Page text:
Students kick off 25-book campaign in costume
Bringing characters to life tool to get students excited about reading
Brenda Ahearn/The Gazette
Students at James McHenry Elementary School could only hope when they walked into school on a recent morning they'd spend the day with the sweet teacher Miss Nelson—not the dreaded substitute, Viola Swamp.
Teacher Mary Summers spent the school day Oct. 1 as the title character of the children's book "Miss Nelson Is Missing" and teacher Tisha Stargel as her mean alter-ego. Just as in the book, the costumes were designed to teach students a lesson—on this day, it was the importance, and excitement, of reading.
Students and teachers at the Lanham elementary school dressed as their favorite storybook characters, and teachers participated in a fashion show to kick off the America's Choice 25-book campaign to increase literacy.
"It was my favorite storybook growing up, and dressing up as Viola Swamp was a way to bring the character to life," Stargel said.
The day's purpose was to excite students about the reading campaign kick-off by allowing students to dress as their favorite story book characters and see their teachers dressed in character during a fashion show, said media specialist Tiffany Whitaker, who helped coordinate the day.
Students are encouraged, but not required, by the county curriculum to read 25 books during the academic year. The school will focus on a different book each month—October's is "Grace for President." The book is about Grace, an elementary school student who runs for class president against the boys' soccer team captain.
This is the school's second year participating in the America's Choice program, which uses activities such as the 25-book campaign and a book of the month to promote reading in Prince George's County Public Schools. James McHenry Elementary is one of 22 elementary and 11 middle schools in the county that are participating in the America's Choice program.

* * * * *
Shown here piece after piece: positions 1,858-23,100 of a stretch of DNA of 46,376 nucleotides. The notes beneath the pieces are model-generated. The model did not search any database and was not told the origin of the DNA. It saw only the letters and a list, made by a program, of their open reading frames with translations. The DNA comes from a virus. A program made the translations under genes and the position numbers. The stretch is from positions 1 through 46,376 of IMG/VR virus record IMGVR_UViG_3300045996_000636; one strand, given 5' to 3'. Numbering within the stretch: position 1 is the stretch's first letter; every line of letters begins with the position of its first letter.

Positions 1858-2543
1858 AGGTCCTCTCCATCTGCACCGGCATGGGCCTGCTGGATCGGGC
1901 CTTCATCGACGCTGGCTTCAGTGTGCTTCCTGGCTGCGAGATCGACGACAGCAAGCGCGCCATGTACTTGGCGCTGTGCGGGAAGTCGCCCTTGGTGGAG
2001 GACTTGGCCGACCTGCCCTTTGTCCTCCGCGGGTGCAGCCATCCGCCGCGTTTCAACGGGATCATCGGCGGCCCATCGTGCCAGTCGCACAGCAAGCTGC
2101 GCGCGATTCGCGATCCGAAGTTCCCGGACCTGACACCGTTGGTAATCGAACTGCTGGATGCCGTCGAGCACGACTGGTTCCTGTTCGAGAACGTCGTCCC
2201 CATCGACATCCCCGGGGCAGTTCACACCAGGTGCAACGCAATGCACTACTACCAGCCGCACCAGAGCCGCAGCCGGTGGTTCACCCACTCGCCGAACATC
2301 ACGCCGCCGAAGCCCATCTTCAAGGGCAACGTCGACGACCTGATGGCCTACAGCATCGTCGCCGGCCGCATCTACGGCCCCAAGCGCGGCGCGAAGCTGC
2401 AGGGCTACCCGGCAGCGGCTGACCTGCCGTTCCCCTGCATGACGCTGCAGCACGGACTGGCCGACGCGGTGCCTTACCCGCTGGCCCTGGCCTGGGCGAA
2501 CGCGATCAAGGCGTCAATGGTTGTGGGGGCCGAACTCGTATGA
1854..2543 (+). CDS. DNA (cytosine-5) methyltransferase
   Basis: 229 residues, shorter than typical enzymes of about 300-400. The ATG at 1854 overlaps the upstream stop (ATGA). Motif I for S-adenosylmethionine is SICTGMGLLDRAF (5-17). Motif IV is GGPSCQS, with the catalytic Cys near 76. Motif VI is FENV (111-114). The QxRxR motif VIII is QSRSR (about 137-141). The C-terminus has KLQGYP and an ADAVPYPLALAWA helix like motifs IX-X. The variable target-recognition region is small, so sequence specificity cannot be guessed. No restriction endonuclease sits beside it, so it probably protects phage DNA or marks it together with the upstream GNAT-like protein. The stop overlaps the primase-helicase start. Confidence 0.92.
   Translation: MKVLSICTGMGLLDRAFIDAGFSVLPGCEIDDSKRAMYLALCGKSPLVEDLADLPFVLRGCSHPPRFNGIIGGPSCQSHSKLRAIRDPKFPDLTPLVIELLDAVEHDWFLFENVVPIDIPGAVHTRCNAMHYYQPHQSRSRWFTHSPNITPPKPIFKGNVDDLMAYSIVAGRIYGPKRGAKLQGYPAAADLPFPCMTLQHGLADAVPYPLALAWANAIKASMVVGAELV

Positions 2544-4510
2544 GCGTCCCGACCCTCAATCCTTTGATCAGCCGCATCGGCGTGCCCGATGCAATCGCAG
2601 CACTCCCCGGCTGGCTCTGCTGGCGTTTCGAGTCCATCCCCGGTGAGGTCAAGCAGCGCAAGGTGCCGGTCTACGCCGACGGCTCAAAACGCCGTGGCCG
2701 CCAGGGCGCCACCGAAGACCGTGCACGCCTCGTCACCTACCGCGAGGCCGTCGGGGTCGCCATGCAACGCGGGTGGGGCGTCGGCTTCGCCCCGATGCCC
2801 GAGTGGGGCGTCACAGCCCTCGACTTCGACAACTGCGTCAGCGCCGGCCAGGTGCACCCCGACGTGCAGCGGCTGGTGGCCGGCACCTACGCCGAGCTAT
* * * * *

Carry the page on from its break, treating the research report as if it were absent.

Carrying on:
"We want to encourage reading," Stargel said. "The goal is to expose them to more than a million words in an academic year; their vocabularies will be limitless."
Stargel asked her class of nearly 30 students if they felt motivated to read. Their response was a unanimous "Yes!"
"They're asking when we're doing it again," she said.
Whitaker, who dressed as the title character of Fancy Nancy, and Ebbony Young, a special education teacher who dressed as Tinkerbell, coordinated the event. Young came up with the idea for the fashion show to improve over last year's kick-off, in which only teachers dressed up and students only read books.
"I don't mind looking like a fool to get the point across, if it motivates children," Young said. "Without the motivation, they don't do what we ask them to do. Some kids think reading is boring, so hopefully this excites them, and then when they're reading, they'll remember us as the character."
Whitaker told students "the more you read, the better you read, and you'll have a better vocabulary."
Teachers keep a book log, and students let them know when they've read five books, Young said. Students will track their reading on posters in the school's main hall. For every five books read, students get an ice cream scoop cut-out to put on their grade level's ice cream cone poster.
Some teachers require students to do a write-up of each book to read to verify they're reading, Whitaker said. She said the school may hold an ice cream social and a follow-up dress-up day at the end of the year.
There was a morning assembly for pre-kindergarten to second-graders and an afternoon assembly for third- to sixth-graders. Students cheered on 18 third to sixth grade teachers who dressed as Arthur, Mary Poppins, a mouse from "If You Give a Mouse a Cookie" and a cat from "The Cat in the Hat," among others.
Andrew NnaiThran, 11, is a sixth-grader who dressed as Scooby Doo and plans to exceed the book minimum.
"I like to read Scooby Doo books, [and] my favorite is "Mummies At The Mall,'" he said. "My goal is to read 120 books. I do like to read a variety of books so I can learn more."
Mikayla Guile, 7, a second-grader, dressed as Hannah Montana, "I read a lot," she said. "My goal is 30 books, but I don't want to push myself too far. I read 10 books a day."
Kindergartner Jalyn King, 5, dressed as Arthur. "My favorite Arthur book is Arthur Babysits,'" she said. "The books are better than the show because they have funny words. I want to read 25 books; I like to read."
E-mail Liz Skalski at firstname.lastname@example.org.